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My garden in March

Spring is here and I like to think that ‘the madde Marche Hare’, as one 16th century writer put it, is hiding somewhere around the corner, just itching to get all frisky. The days are longer, shrubs and plants are beginning to flower, everything is fresh and there’s a lovely feeling that renewal is in the air, enough to get the sap rising in us all.
True to legend hares really do get all crazy in March, the start of their mating season, which actually carries on for months. I’ve always loved the hare-brained old creature at the Mad Hatter’s tea party in Alice in Wonderland, an old favourite for my daughter in the Disney version. But the hare I would most have liked to meet was a pet belonging to my late mother-in-law in the 1920s. She had a lolloping Belgian hare that had the run of the house and it would sit by the front door every evening when her father was due home from work. On half-day Saturdays he somehow knew he needed to be on duty early and there he’d be at lunchtime, waiting for a toffee as a reward. It would get stuck to his front teeth and he’d slowly and contentedly lick it off. Such bliss, although possibly not the healthiest of diets
Anyway, where was I?  Wondering if I’ll find a hare peeking into my greenhouse, I think.

Hiding In the greenhouse

With the help of the March Hare it is time to sow tomatoes, which can be potted on once they have a pair of leaves. Sow lettuce successional for continuous crops.
Sow summer bedding plants and continue to grow on plug plants that you’ve bought. Towards the end of March you should be able to plant up containers and hanging baskets to get them established before putting them out in May.
Propagate Dahlias from tubers. Get the tubers started into growth and then divide them with a sharp knife once they have sprouted and pot them on.
Begonia tubers can also be potted up now.
It’s a good time to prune Fuchsias by cutting back to one or two buds on each shoot, re-potting if necessary. You may find that vine weevil larvae have set up home in the pots. They too like the Spring so, if this has happened and there are enough roots left on the plant, remove all the soil from around the plant and pot up in fresh soil.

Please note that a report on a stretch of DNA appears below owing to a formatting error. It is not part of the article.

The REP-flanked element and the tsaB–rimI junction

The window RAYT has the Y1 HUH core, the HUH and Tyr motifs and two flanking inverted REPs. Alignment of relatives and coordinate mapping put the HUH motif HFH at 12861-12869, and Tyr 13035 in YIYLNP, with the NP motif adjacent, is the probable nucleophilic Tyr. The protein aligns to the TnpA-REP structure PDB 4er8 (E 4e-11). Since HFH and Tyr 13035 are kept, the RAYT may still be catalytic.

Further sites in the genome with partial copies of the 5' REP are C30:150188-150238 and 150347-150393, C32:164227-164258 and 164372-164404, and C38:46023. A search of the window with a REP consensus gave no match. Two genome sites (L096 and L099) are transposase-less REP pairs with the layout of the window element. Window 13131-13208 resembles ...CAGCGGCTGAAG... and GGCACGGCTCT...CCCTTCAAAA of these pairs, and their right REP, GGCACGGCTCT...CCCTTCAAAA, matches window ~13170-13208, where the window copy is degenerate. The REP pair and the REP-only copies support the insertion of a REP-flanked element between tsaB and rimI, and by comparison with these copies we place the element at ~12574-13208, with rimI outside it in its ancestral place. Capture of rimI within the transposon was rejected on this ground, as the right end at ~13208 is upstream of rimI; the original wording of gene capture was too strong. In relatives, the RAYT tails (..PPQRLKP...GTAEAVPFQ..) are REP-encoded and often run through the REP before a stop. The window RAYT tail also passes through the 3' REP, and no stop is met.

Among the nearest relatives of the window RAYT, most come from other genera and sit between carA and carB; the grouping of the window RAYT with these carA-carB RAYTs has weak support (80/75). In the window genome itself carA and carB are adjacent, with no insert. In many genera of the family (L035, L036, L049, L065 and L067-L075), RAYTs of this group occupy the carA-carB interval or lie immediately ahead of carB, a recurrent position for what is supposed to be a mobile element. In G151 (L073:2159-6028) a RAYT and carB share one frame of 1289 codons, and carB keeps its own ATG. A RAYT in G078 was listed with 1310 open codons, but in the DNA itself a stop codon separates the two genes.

Cut back Pelgoniums and use cuttings for new plants.


If you’ve not yet tidied the garden from the autumn and winter now is the time to give everything a general tidy up. Cut back grasses and perennials left for winter interest. Prepare seedbeds and fork in manure.
If you have grown green manure over winter this is the perfect time to dig it into the ground.
We are also now getting into the season where the slugs and snails will eat all your favourite plants. I’m sure slugs and snails must have some use in the food chain, presumably to feed frogs and birds, but they are the bane of my life, especially when we get wet weather. There are many different ways to try and protect your plants aside from using pellets or slug clear.  Try putting down eggshells or coffee grounds which really does help and is more ‘natural’ .Another tip is to apply a coco shell mulch. If you’re protecting pots then a band of Vaseline around the top of the pot helps.
In mild areas it is possible to sow hardy annuals such as Sweet Peas outside now where you want them to flower.
Allow foliage of daffodils to die back naturally as all the goodness from the leaves goes back into the bulbs for next year. Do deadhead daffodils once they have flowered though.
Now is the time to put in plant supports around taller perennial plants so that they are in place as the plants grow.
Topdress containers with fresh compost. This means removing the top 50mm of soil and replacing it with fresh compost.
If you’re lucky and have the room, plant continuous crops of plants for cut flowers throughout the summer.
If you suffer from rabbits and possibly deer then put guards around newly planted trees. Who knows, the March Hare may be around as well. You can try distracting him with a toffee.